DOMINATING the statistics for infertility in women, polycystic ovary syndrome (PCOS) is the most common cause of this condition, with onset as a result of imbalanced reproductive hormones. Emerging evidence suggests a co-interaction of PCOS with infectious disease.
A study over the course of the COVID-19 pandemic has highlighted women with PCOS as a vulnerable demographic; results revealed a 52% increased risk of contracting a severe infection. This risk was more pronounced in older women, those with higher BMI, and in impaired glucose regulation.
According to the CDC, PCOS affects 6–15% of women of reproductive age in the USA, which already amounts to a large subset of their population before considering a worldwide scale. These findings have provoked healthcare professionals to speak out and urge women with PCOS to take additional precautions against severe acute respiratory syndrome coronavirus 2 (SARS-CoV-2), most notably acquiring a vaccination.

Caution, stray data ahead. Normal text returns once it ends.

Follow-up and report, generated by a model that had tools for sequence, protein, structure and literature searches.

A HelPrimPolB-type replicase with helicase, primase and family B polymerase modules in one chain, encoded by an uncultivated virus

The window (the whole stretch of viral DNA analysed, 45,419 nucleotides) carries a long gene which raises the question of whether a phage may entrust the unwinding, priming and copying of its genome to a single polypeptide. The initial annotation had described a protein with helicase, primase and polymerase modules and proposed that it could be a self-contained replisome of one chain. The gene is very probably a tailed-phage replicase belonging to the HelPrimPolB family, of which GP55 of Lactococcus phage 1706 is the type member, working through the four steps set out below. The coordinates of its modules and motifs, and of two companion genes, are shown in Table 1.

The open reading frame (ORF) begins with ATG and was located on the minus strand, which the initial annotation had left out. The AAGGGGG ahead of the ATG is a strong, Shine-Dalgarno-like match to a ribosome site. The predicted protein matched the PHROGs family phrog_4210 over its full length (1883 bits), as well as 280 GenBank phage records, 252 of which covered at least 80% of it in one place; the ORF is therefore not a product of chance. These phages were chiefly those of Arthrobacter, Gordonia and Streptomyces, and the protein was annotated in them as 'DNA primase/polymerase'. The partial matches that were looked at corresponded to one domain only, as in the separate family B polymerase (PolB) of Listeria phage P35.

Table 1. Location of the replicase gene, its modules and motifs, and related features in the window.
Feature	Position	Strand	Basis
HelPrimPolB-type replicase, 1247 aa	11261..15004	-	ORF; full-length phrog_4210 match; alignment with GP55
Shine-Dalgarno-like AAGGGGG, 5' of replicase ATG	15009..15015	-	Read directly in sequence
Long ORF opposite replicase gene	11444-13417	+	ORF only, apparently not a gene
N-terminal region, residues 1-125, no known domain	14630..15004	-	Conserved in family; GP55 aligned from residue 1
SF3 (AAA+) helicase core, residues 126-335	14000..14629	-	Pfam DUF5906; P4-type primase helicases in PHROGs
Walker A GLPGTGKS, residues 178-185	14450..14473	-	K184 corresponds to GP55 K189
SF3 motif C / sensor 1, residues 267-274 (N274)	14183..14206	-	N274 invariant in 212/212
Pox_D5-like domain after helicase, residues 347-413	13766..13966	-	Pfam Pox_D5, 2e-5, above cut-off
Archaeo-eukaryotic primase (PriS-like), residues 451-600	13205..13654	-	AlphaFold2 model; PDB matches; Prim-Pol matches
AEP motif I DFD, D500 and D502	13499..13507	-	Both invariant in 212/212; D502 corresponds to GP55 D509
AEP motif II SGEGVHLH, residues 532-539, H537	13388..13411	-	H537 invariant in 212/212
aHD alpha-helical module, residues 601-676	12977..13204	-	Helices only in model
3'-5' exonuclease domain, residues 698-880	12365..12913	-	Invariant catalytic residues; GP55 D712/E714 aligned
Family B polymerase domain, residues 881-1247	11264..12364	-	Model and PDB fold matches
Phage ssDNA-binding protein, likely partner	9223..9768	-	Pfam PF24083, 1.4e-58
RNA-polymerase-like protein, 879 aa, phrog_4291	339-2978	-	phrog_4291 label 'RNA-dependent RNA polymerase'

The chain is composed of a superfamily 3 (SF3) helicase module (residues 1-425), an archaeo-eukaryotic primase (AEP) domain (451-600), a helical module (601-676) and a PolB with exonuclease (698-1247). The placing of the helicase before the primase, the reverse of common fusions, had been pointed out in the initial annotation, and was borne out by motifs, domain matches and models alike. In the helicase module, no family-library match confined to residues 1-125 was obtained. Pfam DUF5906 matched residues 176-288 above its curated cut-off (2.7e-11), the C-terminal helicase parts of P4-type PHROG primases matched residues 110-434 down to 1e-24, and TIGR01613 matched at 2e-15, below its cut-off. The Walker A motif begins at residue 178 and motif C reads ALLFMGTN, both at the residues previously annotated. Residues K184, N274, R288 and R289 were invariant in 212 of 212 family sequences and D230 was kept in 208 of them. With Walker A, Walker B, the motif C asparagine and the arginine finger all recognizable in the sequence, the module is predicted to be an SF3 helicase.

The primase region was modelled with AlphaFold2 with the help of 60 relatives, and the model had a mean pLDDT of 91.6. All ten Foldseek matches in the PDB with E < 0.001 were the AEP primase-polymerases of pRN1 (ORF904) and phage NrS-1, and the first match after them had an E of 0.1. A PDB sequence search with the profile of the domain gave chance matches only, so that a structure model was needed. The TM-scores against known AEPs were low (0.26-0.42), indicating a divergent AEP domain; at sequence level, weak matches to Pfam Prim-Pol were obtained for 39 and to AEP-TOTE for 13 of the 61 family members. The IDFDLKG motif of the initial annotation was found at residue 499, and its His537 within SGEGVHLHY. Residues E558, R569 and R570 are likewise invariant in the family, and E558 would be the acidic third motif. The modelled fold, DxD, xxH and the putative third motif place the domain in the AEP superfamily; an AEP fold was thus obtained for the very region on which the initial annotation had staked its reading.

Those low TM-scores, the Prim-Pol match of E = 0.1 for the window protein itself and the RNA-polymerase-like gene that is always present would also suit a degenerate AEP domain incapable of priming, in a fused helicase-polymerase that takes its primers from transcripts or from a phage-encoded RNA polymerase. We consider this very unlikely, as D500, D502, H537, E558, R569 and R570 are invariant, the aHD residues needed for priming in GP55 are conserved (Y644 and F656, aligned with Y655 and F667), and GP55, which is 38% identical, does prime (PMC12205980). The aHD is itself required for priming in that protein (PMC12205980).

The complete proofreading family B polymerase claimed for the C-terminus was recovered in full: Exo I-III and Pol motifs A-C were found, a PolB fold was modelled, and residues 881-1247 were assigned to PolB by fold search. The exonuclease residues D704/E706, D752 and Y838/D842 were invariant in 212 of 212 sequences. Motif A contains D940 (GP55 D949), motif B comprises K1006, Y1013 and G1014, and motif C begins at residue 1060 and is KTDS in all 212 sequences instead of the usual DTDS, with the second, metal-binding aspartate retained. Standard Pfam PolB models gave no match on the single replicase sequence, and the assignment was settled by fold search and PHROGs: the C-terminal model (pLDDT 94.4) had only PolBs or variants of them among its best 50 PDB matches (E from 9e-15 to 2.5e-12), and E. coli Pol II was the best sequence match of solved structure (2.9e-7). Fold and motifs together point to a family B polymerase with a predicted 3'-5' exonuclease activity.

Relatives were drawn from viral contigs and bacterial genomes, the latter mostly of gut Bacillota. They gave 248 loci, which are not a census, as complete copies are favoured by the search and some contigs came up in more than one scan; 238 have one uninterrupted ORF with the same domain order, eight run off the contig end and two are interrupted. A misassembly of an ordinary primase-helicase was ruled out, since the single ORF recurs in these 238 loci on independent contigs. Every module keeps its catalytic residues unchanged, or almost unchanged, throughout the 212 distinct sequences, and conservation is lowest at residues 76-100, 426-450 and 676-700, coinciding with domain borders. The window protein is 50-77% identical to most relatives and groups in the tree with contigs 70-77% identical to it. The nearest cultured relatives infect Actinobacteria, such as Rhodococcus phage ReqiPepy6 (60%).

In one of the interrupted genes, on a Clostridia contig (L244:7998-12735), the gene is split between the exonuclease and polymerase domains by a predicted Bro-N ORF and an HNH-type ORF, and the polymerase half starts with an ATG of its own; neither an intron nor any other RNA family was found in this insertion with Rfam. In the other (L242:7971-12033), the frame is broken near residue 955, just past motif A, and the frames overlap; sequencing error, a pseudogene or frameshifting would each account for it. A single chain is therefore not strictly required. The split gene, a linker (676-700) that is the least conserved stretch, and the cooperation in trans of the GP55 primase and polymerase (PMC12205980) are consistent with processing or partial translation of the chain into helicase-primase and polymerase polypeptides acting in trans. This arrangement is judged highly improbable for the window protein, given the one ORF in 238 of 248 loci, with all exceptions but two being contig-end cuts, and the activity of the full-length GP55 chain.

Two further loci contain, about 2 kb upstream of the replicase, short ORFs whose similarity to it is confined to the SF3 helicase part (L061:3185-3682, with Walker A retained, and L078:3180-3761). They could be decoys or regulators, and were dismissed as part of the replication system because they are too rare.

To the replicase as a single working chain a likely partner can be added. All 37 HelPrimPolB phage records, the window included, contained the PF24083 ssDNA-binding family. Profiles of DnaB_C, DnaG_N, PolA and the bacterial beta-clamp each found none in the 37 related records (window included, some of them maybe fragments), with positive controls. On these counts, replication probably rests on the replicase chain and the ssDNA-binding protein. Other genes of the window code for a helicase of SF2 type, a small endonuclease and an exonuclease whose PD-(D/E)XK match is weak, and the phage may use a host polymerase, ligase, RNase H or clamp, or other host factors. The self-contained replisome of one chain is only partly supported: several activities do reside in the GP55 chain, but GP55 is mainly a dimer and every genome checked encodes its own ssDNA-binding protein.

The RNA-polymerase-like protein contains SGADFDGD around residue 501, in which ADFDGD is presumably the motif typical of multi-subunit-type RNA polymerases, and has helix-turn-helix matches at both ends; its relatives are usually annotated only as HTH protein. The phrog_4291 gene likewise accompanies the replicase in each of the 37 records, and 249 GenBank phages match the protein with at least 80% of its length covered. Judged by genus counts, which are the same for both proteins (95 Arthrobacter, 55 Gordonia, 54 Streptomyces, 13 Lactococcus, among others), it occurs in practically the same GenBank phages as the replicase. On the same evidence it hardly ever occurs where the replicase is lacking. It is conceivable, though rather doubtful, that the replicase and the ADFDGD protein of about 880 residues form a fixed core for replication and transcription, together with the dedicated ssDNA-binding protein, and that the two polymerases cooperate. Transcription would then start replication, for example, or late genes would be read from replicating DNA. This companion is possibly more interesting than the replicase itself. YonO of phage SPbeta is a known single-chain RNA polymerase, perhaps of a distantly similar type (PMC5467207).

Jared Bolton, Norton Women’s and Children’s Hospital, Louisville, Kentucky, USA, shed light on the situation: “PCOS is worse with obesity, and obesity makes PCOS worse,” suggesting that overweight women should be the first to take action. The first efforts for these women should involve routine exercise to promote weight loss, as well as monitoring blood sugar and cholesterol.
Findings of this study have drawn attention to a frightening relationship, but promoting counteractive measures hopes to reduce consequent transmission and hospitalisation of women with PCOS, to improve health in women and reduce the burden upon healthcare services.